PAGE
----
1) What do the plugs look like now? Wet / Dry A, Both, can pump it up good enough to wet the plugs still no start.
2) Do you get a good spark? A, Yes
3) How much slack in the timing chain. (Use socket on front pulley nut back and forth. Slack portion is easy to move until chain slack is taken up and it tries to move the camshaft) (degrees of slack) A, pulled the cover and t/c is in excellent shape and on the money.
4) How fresh is the gas going into the engine? A, new


Ran compression check and it only has 75 lbs of compression?
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5 BTDC is NOT good. That's not why it won't start, but set it to exactly 2.5 BTDC after you get it running. More and you'll destroy a 225 with knock under load.
I understand.
 

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KOG
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75 psi is plenty for it to run well. A new one will go around 150, but I've had one with 60psi running fine, using no oil. And that one had .017 bore wear with no ill effects running.
Something basic is wrong with timing, carburetion, etc. Whatever it is is so basic as to be idiotic. Once you find it. But finding it can drive you nuts.
 

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Discussion Starter #12
Thanks Kog,
I have been working on beaters for about 35 years and the basics just dont seem to be working on this one. Heck I have started plenty of motors sitting on the ground with a battery, jumper cables and a jug of fuel.. It just isnt making any sense.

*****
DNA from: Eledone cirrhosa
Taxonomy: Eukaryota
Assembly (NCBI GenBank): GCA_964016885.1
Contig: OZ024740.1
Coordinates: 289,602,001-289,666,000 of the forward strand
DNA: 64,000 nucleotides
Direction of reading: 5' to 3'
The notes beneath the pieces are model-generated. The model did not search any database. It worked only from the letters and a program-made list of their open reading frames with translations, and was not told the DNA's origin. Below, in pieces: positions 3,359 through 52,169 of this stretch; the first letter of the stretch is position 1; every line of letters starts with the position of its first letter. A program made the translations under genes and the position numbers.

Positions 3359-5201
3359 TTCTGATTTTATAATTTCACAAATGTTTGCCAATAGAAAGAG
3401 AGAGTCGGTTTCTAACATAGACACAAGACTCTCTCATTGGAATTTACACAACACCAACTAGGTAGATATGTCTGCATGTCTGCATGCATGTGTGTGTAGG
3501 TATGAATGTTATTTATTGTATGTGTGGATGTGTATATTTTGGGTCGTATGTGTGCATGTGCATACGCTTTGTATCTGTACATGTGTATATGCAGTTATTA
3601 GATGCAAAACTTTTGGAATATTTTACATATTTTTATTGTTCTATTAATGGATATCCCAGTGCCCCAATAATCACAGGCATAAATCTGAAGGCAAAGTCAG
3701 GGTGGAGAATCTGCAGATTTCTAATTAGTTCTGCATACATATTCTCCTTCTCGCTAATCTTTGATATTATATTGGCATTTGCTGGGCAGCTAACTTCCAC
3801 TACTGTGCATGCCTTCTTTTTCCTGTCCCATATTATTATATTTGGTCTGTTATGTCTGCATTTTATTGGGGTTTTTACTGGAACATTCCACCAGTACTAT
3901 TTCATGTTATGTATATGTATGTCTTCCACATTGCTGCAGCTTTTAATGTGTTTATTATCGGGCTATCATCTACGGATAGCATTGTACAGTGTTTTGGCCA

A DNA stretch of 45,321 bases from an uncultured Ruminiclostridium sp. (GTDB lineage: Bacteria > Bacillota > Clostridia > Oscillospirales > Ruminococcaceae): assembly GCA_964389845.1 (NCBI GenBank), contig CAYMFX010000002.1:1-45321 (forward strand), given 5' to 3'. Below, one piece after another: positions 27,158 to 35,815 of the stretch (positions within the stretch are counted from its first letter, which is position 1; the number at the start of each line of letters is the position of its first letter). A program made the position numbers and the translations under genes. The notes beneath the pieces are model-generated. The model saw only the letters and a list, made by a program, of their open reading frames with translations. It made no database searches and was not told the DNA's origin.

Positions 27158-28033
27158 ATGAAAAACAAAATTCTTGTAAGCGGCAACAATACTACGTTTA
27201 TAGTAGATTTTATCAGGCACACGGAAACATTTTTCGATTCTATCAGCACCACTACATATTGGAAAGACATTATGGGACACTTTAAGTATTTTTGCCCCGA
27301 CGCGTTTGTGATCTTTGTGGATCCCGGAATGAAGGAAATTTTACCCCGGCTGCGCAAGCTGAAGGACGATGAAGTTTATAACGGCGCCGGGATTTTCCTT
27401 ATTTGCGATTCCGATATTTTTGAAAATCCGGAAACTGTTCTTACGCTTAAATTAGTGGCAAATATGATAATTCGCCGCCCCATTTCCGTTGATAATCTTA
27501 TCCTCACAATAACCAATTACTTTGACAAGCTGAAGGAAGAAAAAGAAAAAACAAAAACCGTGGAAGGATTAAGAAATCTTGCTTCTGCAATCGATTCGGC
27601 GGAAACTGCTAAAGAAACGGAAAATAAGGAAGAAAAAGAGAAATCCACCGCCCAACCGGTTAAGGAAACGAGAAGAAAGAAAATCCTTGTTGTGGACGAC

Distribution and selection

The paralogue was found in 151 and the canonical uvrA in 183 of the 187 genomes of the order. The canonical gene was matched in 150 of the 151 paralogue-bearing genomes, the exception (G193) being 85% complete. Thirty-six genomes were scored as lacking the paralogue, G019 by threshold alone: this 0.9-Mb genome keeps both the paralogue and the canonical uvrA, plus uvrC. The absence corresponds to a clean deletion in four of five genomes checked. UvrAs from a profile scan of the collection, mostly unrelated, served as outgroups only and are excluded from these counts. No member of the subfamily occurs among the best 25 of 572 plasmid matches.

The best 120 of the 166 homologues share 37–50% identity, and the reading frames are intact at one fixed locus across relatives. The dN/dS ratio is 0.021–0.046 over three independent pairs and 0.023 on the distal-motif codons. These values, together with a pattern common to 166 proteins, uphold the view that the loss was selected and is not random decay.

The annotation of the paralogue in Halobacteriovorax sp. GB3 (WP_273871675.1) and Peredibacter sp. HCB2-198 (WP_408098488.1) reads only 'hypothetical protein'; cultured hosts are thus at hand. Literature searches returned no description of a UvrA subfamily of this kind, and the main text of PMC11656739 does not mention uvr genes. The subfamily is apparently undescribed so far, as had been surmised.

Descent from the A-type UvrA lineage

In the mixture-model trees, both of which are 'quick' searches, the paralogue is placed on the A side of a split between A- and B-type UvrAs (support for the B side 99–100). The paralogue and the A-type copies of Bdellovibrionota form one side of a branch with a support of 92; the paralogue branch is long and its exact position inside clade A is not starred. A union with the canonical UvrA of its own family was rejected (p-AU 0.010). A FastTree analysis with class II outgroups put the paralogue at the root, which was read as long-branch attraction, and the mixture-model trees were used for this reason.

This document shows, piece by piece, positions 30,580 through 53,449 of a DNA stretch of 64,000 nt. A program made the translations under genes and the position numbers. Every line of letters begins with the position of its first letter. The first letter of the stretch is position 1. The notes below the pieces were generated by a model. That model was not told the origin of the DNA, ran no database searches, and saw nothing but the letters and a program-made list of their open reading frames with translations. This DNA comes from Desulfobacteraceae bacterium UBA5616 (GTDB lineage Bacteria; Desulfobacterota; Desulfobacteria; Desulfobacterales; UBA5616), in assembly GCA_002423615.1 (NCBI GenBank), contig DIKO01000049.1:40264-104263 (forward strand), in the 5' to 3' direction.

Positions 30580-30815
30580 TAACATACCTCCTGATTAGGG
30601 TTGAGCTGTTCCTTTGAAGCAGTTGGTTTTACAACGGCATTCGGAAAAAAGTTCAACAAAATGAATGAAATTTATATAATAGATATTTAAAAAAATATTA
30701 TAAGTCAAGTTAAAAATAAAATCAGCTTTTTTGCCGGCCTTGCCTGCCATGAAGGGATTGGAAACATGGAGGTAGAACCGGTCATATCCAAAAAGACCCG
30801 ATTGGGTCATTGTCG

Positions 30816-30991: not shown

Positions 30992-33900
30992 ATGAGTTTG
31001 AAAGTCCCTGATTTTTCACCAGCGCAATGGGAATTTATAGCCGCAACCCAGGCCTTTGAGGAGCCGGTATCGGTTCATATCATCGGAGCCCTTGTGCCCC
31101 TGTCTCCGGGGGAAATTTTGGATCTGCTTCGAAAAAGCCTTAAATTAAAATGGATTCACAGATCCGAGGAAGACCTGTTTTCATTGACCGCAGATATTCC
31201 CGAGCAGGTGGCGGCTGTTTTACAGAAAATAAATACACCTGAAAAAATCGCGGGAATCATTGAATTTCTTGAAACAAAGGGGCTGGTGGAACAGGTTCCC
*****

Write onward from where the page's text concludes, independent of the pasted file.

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5 BTDC is NOT good. That's not why it won't start, but set it to exactly 2.5 BTDC after you get it running. More and you'll destroy a 225 with knock under load.
Not at all accurate. I ran my slant sixes at 10 BTDC for many tens of thousands of miles with no ill effects. I had lighweight advance springs for even more advance. Five won't hurt at all. It sure won't prevent it from starting.

1) What do the plugs look like now? Wet / Dry A, Both, can pump it up good enough to wet the plugs still no start.
2) Do you get a good spark? A, Yes
3) How much slack in the timing chain. (Use socket on front pulley nut back and forth. Slack portion is easy to move until chain slack is taken up and it tries to move the camshaft) (degrees of slack) A, pulled the cover and t/c is in excellent shape and on the money.
4) How fresh is the gas going into the engine? A, new


Ran compression check and it only has 75 lbs of compression?
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I understand.
75 psi is very bad. These engines run around 120 psi, so 75 will give it great difficulty starting, if at all. It may be that the valve lash was turned in way too far. That lowers the effective compression. Does it sort of 'sigh' when you are trying to start it and you stop cranking?
Spec is .010 inches intake and .020 inches exhaust, hot and running. You can approximate to get it started if you find it really far off.
 

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Discussion Starter #14
No sir and finger checked the the valves and none appear to be tight with the corresponding cyl at tdc.